On Una Porter’s Photograph Album
Oscar T. Serquiña, Jr.
A personal photograph collection may reveal the roots and routes of its collector’s life. While its primary function is to collate representations of objects, persons, and events, a collection may also lay bare more than what is visible to the eye. Such is the uncontainable paradox of archival materials, especially photos, after all: on one hand, their enduring presence contracts, as well as suspends in motion, the humanity and entity they capture, but it also allows them to allude to the outside world to which they once belonged or continue to belong, on the other. Such is the case of Una Porter’s photo album in the University of Melbourne archives, which largely contains photographic souvenirs—ranging from portraits of individuals and groups to shots of sprawling landscapes and still lives, to documentations of ordinary objects and lush flora and fauna—from trips to countries such as China, Hong Kong, Japan, Egypt, and India. While some photos seem to have emerged from Porter’s missionary and philanthropic work, others look rather touristy, curious, and quotidian.
If anything at all, this compilation illustrates that during her prolific and mobile career as a psychiatrist, philanthropist, author, and an international leader of an earlier women’s movement, Porter did not only live a meaningful existence with others in and outside of Australia; she, too, saw the tensions between luxury and poverty, modernity and tradition, the West and the East. Although there is no way to determine whether Porter herself or someone else did the camerawork, this particular collection remains instructive in exemplifying the entanglements between an Australian woman of considerable capital and the other people in cultures and societies , oftentimes mired in poverty, exoticism, and decay, with which she interacted.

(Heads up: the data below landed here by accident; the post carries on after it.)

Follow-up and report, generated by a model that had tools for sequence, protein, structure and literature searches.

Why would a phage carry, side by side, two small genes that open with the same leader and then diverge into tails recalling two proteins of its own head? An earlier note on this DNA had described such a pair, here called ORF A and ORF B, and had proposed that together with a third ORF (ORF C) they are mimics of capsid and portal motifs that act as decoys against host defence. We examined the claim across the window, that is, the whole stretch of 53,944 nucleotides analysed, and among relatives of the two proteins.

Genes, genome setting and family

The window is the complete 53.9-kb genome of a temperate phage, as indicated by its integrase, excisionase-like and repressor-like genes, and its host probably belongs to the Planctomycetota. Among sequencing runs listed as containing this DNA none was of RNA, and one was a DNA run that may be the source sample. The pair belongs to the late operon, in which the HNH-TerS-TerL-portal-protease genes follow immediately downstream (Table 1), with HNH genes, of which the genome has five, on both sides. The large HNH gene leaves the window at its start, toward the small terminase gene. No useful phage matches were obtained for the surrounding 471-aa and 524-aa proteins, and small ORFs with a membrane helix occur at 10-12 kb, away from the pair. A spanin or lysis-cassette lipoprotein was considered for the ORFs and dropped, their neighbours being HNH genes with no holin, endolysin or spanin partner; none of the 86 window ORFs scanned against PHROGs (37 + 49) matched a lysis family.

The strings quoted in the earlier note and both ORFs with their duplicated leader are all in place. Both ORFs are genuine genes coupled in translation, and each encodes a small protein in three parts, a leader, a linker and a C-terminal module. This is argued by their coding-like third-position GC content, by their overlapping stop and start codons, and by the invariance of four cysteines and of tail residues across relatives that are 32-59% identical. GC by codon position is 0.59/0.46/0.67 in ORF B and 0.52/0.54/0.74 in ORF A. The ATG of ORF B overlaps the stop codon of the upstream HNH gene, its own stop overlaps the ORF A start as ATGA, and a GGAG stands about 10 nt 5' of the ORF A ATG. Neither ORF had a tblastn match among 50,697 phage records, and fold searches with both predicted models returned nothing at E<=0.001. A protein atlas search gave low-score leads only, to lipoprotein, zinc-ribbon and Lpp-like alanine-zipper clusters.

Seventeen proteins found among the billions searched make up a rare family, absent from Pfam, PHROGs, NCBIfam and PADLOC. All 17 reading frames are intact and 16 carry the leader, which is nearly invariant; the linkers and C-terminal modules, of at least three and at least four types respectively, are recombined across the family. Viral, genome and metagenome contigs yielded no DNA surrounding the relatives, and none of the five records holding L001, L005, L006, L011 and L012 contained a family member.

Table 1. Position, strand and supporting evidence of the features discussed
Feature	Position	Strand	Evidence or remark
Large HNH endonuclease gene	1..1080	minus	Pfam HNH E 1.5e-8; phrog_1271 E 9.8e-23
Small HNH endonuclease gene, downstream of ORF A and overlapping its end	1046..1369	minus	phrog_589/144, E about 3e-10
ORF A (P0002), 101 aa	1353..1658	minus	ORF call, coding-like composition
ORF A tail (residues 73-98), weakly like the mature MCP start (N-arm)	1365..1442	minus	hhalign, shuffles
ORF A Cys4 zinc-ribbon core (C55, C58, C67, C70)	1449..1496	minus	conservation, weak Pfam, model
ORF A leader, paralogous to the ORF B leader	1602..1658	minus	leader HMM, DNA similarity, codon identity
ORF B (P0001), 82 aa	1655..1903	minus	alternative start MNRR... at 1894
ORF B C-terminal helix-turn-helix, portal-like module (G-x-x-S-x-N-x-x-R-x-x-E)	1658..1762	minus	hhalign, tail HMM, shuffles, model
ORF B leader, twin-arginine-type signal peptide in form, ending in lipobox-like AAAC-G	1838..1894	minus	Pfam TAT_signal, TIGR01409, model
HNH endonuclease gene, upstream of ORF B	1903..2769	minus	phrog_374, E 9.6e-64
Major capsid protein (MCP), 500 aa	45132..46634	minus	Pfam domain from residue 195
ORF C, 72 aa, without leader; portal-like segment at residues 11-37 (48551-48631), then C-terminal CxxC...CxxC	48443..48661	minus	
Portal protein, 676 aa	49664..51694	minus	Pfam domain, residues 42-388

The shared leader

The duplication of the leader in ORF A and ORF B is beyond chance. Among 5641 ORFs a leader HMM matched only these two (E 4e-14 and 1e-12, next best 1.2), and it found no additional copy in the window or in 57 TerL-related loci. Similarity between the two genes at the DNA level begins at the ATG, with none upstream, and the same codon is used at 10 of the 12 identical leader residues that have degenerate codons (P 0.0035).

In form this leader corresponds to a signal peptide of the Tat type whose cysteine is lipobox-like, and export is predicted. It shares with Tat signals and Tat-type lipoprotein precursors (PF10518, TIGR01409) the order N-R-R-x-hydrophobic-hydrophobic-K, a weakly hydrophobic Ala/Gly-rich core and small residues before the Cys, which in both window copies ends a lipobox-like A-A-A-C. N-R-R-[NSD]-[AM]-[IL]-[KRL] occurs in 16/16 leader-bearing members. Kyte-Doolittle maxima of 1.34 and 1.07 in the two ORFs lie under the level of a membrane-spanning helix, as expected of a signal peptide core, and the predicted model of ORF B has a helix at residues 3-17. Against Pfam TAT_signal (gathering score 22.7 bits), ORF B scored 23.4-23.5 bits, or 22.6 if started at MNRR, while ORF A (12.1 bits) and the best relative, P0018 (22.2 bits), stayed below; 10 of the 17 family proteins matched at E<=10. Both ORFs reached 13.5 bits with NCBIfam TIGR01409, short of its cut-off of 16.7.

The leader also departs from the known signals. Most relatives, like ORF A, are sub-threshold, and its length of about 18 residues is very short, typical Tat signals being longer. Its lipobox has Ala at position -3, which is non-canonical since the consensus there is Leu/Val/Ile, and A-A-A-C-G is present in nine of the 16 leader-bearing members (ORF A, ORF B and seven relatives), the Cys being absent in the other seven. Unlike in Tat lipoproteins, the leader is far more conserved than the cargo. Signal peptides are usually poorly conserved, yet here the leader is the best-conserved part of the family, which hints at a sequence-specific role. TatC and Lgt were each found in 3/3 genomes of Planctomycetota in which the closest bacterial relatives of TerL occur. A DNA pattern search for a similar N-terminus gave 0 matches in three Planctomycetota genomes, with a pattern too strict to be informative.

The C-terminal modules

Porter’s photos, in this regard, may serve as pieces of social history and ethnography, even if they also very much come across as biographical evidences of a life in perpetual motion. They portray many intercultural interactions between White and non-White (particularly Indian) subjects. Evocations of a so-called modern, civilized life also abound. Some of the more interesting photos involve groups of young and mature Indian men collectively posing before a camera and foregrounding what supposedly is a school. One photo features old and middle-aged Indian men wearing either coats and ties or traditional Indian outfits, and sweepingly identified in the caption as Wesley College Masters. Notably seen in the first row is a White man—perhaps the class’s professor—clad in a formal suit. Another photo shows a much larger and more diverse crowd of children, now tagged in the caption as students of Wesley College. However, unlike the first image that clearly shows the visage of its objects of interest, this one renders the countenance of the young indiscernible. They are, to put it bluntly, reduced into black and white, a mere blur and abstraction. Indeed, this configuration between text and image easily aligns the visual materials on display with colonial logics of photographic practice. It almost immediately casts Porter either as a scopic eye beholding realities that are “out there,” or as a hand choreographing, if not curating, external entities and eventualities.
Despite the ethical implications that its form and contents raise, Porter’s photo collection introduces its viewers to the entwinements of history, class, travel, and education. It also brings to view the politics and ethics of witnessing, documenting, and disseminating the lived everyday lives of others. Furthermore, it brings up questions related to the privilege of proprietorship, the limits of representation, and the remainders of recordation. Although Porter’s photographs constitute an archive that may yield insights into the personal and professional career of one of Australia’s pioneering women in the last hundred years, the social relations they evoke are equally as instructive for historians. Porter’s photographs are just a small part of the vast amount of documents to be archived, explored, and digitized in the life of a woman who made her influence felt, and surely left palpable traces of it, within and beyond her homeland.
Oscar T. Serquiña, Jr. is a PhD student in Theatre Studies at the School of Culture and Communication of the University of Melbourne. His research revolves around pedagogical and performative sites of speech in the Philippines from the 20th- to the 21st-century.